April is minority health month
Health disparities affect vulnerable populations as defined by: race/ethnicity; socio-economic status; geography; gender; age; disability status; and risk status related to sex and gender. Minority populations have a higher incidence of chronic disease, higher mortality, and poorer health outcomes.
The U.S. faces serious health disparities:
• While African Americans account for 13% of the U.S. population, they are diagnosed with more than 50% of all new HIV infections.
• Asian Americans have the highest tuberculosis rate of any population in the US.
• American Indians experience higher rates of STDs and injuries.
• Latinos are also less likely to get a flu vaccine and more at risk for HIV/AIDS and diabetes.
The CDC supports 40 grantee partners through REACH (Racial and Ethnic Approaches to Community Health) . The goal of REACH is to establish community based programs and culturally-appropriate interventions to eliminate health disparities for African Americans, American Indians, Hispanics/Latinos, Asian Americans, Alaska Native and Pacific Islanders. Currently there are REACH projects in New England including: the Boston Public Health Commission, Breast and Cervical Cancer Coalition and Boston Elders project; the Center for Community Health, Education and Research Metropolitan Boston Haitian HIV Coalition; the Greater Lawrence Family Health Center Latino Health project; and the Lowell Community Health Center Cambodian Health Program. REACH highlights success stories in their booklets: The Power to Reduce Health Disparities: Voices from REACH Communities and REACHing across the Divide: Finding Solutions to Health Disparities.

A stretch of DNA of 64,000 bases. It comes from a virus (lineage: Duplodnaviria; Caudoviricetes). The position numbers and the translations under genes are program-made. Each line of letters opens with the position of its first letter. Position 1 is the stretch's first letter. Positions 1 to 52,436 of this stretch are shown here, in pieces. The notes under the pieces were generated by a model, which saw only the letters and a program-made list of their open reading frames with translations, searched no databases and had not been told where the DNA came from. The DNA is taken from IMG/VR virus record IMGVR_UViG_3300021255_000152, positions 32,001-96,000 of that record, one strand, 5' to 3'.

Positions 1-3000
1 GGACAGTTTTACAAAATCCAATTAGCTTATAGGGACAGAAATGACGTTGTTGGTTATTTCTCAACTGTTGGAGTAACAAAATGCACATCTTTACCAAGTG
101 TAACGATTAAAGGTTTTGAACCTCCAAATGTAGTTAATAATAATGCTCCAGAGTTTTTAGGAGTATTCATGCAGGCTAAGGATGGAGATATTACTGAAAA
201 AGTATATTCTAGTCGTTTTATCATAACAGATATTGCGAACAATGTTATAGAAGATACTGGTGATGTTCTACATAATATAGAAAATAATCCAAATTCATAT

The National Library of Medicine offers many outstanding resources for minority health:
The NN/LM New England Region funds SPIRAL (Selected Patient Information Resources in Asian Languages), a website which is very useful for locating multilingual health information. http://spiral.tufts.edu/ Also, the NN/LM highlights tri-folds you may freely reproduce for minority health under our consumer focused resources section on our training page. http://nnlm.gov/ner/training/resources.html
How can you help? The CDC offers great tips:
• join with others to promote community-wide health activities and campaigns;
• form coalitions with civic, professional, religious, and educational organizations, to advocate health policies, programs and services; and
• support policies that promote health-care access for all.
I hope you will take this opportunity to stay up to date on programs and resources to support minority health.
Office of Minority and Health Disparities, http://www.cdc.gov/omhd
Health Disparities. Wikipedia http://en.wikipedia.org/wiki/Health_disparities
CDC. Health Disparities Affecting Minorities, African Americans. http://www.cdc.gov/minorityhealth/brochures/BAA.pdf
CDC. Health Disparities Affecting Minorities, Asian American. http://www.cdc.gov/omhd/Brochures/PDFs/BAA.pdf
CDC. Health Disparities Affecting Minorities, American Indians and Alaska Natives. http://www.cdc.gov/omhd/Brochures/PDFs/AIAN.pdf
CDC. Health Disparities Affecting Minorities, Hispanic/ Latino Americans http://www.cdc.gov/omhd/Brochures/PDFs/HL.pdf
REACH, Racial and Ethnic Approaches to Community Health, http://cdc.gov/reach
REACH, The Power to Reduce Health Disparities: Voices from REACH Communities and REACHing across the Divide: Finding Solutions to Health Disparities http://www.cdc.gov/reach/reach_2010/story_books.htm